In the summer of 2012, Dr. Ryan Davis started work as a post doc in the Essex Lab. He had just returned from a year at the Botswana Harvard AIDS Institute as a Fulbright-Fogarty Fellow.
Born and raised near Cincinnati, Ohio, Ryan received his BA in English and Chemistry from Georgetown University. His undergraduate volunteer work at the Whitman-Walker HIV clinic inspired interests in health disparities, infectious diseases, and cross-cultural medicine. He earned an MPH from Johns Hopkins Bloomberg School of Public Health and an MD from the Medical School for International Health, a Columbia University-affiliated program at Ben-Gurion University in Beer-Sheva, Israel.
Ryan sat down for a Q&A shortly after arriving at HAI headquarters in Boston.
What was your purpose in spending a year at the Botswana Harvard AIDS Institute?
I saw the Fulbright/Fogarty Fellowship as an opportunity for research training in a global setting while committing enough time for a project that could be meaningful both for my own career development and for my host institution and study population. My research involves optimizing a pooling strategy to cost-effectively diagnose acute HIV infection using PCR and dried blot spot samples. Working with my local mentors in Botswana and observing how my Harvard mentors collaborated equitably, I’ve come away with a better rounded image of my own long-term goals.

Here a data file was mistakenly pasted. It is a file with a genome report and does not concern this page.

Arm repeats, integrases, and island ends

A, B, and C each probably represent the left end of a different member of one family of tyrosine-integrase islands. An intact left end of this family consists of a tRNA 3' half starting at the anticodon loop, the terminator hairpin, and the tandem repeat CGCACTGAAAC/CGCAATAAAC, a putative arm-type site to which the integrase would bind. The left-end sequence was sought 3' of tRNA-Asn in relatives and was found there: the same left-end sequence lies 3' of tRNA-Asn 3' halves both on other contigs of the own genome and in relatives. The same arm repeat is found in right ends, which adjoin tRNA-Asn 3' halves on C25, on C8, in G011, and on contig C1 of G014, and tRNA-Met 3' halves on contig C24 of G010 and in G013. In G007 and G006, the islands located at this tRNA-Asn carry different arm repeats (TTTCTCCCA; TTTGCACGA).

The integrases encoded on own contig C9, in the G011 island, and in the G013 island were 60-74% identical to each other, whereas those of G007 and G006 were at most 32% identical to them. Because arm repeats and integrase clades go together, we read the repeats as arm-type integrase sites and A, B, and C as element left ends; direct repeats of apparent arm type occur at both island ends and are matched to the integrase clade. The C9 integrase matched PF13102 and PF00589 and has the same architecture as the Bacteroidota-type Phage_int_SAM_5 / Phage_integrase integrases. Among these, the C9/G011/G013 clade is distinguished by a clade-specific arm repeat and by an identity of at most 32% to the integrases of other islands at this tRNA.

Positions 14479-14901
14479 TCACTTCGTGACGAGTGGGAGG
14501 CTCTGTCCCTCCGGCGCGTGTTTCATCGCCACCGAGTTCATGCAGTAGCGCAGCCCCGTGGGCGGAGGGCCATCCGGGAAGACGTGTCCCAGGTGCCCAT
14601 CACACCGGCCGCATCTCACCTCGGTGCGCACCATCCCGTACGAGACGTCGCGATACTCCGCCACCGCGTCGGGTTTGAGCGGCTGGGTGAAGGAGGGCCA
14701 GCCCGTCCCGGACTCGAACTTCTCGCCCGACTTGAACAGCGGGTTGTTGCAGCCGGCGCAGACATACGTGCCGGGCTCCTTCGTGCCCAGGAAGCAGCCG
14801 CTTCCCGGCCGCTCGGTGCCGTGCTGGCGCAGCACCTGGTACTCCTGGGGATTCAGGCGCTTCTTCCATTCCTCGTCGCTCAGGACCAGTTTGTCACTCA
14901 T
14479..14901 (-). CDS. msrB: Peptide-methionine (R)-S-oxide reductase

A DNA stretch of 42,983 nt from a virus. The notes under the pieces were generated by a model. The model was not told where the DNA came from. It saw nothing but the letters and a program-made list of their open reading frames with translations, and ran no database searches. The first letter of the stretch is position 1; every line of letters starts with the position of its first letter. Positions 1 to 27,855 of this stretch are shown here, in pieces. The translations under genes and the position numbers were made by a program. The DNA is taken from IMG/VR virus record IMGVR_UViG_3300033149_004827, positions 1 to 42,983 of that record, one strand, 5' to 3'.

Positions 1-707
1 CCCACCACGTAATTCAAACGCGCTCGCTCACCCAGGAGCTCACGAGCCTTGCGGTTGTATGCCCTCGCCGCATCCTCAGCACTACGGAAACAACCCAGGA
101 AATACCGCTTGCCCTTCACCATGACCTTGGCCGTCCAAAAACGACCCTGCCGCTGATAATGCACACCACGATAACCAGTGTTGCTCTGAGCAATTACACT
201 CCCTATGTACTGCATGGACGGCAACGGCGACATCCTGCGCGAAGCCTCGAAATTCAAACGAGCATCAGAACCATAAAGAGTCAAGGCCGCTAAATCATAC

Did working in Botswana change the way you look at AIDS?
Already I had been touched to witness the impact of HIV in clinical settings, but arriving in Botswana, I was struck first to find the pervasive impact of HIV on the society, but looking closer, to find the pervasive impact of different people throughout society on the epidemic they are confronting together. From educators to family members and local leaders, the response is not confined to physicians or the healthcare sector but taken up by determined individuals across the community.
Outside of AIDS research, what’s the most memorable thing you did in Africa?
Camping out under the stars on the Makgadikgadi salt pans was something of a poetic reminder about what you find when you get away from the bright lights and agendas.
What are you working on now?
Since coming to Boston, I have been analyzing my Botswana data set, preparing for a presentation at the AIDS 2012 conference, and putting together a manuscript. I’m also developing a new project to build on these results and implement our findings.